Having a weakness for sweet delicacies as a diabetic can be detrimental to your health. Simply put, sugar ages you!
Eating too much sugar increases blood sugar levels, triggering your body to make more insulin. It then gets stored in your body as fat resulting in you gaining weight. Doing this day in and day out leads to insulin resistance, and your cells can become ‘sugar damaged’, which then puts you at a risk for type 2 diabetes. Patrick Holford suggests eating a low glycaemic load diet to keep your blood sugar levels remain steady and to help your body metabolise fat more efficiently.
See Holford’s tips below:
- Combine protein with carbs – When you eat fruit, potatoes, rice, bread or pasta, try adding something with protein in it, like nuts, seeds, beans, lentils, ﬁsh, eggs or meat. For example, have scrambled eggs instead of jam on toast; some almonds with an apple; ﬁsh, beans or lentils with rice and meat with potatoes.
- Stick with oats, fibre or brans – Over a thousand studies show that 10 percent of your diet as beta-glucans can halve the blood sugar peak of a meal. Eat half of your ﬂakes, cold or hot, as porridge with fruit such as berries, pears or apples. If the oats are cold, you increase the oat ﬁbre effect.
- A spoonful of cinnamon – A teaspoon of cinnamon a day decreases blood sugar levels. Add ground cinnamon to your cereal, smoothies, soups and hot drinks.
- Supplement chromium – Take 600mg of high quality chromium supplement a day. You need chromium for the insulin receptor to work and help reverse insulin resistance.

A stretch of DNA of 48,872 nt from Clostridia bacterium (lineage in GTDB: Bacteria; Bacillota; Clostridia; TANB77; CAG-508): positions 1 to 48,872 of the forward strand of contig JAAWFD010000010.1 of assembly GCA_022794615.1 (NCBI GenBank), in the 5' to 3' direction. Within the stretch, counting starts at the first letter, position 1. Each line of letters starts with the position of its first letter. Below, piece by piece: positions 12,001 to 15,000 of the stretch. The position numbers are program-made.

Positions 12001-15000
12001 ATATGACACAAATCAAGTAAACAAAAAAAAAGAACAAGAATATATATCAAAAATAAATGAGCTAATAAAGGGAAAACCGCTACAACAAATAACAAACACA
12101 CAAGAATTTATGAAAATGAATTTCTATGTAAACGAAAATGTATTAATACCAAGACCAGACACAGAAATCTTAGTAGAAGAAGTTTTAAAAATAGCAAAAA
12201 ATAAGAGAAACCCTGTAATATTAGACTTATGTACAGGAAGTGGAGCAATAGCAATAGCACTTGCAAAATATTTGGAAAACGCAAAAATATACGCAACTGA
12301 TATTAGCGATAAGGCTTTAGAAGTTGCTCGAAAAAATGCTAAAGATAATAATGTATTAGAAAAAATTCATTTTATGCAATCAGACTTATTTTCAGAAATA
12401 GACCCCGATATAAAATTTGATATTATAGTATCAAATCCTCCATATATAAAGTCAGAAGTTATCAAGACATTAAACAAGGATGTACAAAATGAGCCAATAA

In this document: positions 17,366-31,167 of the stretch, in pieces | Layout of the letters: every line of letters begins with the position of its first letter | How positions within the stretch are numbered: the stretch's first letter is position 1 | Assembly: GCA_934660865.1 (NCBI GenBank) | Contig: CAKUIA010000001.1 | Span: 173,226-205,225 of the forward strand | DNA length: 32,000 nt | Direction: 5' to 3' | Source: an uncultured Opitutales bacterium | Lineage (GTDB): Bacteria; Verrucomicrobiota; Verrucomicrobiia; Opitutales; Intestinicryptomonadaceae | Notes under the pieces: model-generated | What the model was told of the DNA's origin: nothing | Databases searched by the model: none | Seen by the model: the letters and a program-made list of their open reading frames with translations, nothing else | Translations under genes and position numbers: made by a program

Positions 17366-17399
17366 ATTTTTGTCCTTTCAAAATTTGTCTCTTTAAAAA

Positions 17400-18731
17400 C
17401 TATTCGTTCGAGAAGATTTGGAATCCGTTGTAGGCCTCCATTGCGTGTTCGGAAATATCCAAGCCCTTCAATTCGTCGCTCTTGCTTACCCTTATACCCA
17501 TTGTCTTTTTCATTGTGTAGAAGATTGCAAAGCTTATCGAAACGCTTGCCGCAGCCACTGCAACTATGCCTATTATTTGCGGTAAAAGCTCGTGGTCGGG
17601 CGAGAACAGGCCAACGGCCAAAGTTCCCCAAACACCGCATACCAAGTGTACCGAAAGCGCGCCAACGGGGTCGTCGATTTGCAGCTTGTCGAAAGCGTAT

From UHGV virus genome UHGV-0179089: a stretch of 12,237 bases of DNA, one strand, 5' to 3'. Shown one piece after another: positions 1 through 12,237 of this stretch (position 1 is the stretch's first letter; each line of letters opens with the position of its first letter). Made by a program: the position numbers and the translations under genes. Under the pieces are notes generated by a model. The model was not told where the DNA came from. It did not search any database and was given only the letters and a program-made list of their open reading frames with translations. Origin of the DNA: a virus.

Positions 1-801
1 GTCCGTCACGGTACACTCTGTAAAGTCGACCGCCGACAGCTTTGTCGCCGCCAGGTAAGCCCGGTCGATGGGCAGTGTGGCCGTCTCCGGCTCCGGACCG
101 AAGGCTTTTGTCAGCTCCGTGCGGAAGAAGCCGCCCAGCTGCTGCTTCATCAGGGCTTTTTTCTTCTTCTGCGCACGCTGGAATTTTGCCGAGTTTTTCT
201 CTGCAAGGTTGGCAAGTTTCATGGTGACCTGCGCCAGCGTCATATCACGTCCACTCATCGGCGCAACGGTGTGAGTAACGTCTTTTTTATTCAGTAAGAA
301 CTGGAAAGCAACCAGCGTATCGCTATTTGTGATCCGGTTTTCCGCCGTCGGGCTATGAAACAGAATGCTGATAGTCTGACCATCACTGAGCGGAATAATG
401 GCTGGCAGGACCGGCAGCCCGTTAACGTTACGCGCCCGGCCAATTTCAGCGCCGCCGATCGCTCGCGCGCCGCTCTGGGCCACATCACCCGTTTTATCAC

- Ditch the wheat – When it comes to breads and pastas, wholegrains have a lower GL than the reﬁned white options. Wholegrain rye is best, especially sourdough rye bread and the slow-cooked German-style breads called pumpernickel, sonnenbrot or volkenbrot. Whole pearl barley boils like rice and has a very low-GL, a delicious nutty taste and chewy texture for soups and ‘risottos’. There is an ancient form of wheat called Kamut khorosan, which studies show spectacularly improves insulin resistance and lowers blood sugar.
- Supplement super-fibres – Consume a super-soluble ﬁbre called glucomannan, having three to five grams with a glass of water before a meal will help you to even out your blood sugar response. Together with a calorie-controlled diet, supplementing glucomannan ﬁbre helps you to lose weight.
- Go for nuts, seeds, beans and lentils – Sprinkling chia seeds on your cereal and eating almonds with your fruit snack, helps to lower the GL of that meal or snack.
- Choose your fruit – Not all fruit is made equal. Against popular belief, some fruits actually have quite a high effect on your blood sugar levels. A rule of thumb is that the bluer the berry, the better. So blackcurrants, blackberries, blueberries and cooked black elderberry are all very low-GL and very good for you. Plums, when in season, are a great fruit snack, together with some protein such as a few almonds or pumpkin seeds. The next best fruits are apples and pears.
- Switch from sugar to xylitol – If you crystallise xylose, the slowest releasing form of sugar, you get xylitol, a natural white sugar that is great for teeth. This sugar alcohol has an extremely low-GL and is a great replacement for normal sugar, even for baking purposes. Nine teaspoons of xylitol equals one teaspoon of sugar in terms of GL.
- Get enough vitamin C – A study published in the Archives of Internal Medicine, done on over 21 000 people over a 12-year period, revealed that having a high level of vitamin C in your blood, consistent with that achieved by supplementation and eating a high fruit and vegetable diet, reduces your risk of diabetes by 62 percent.
Source: Patrick Holford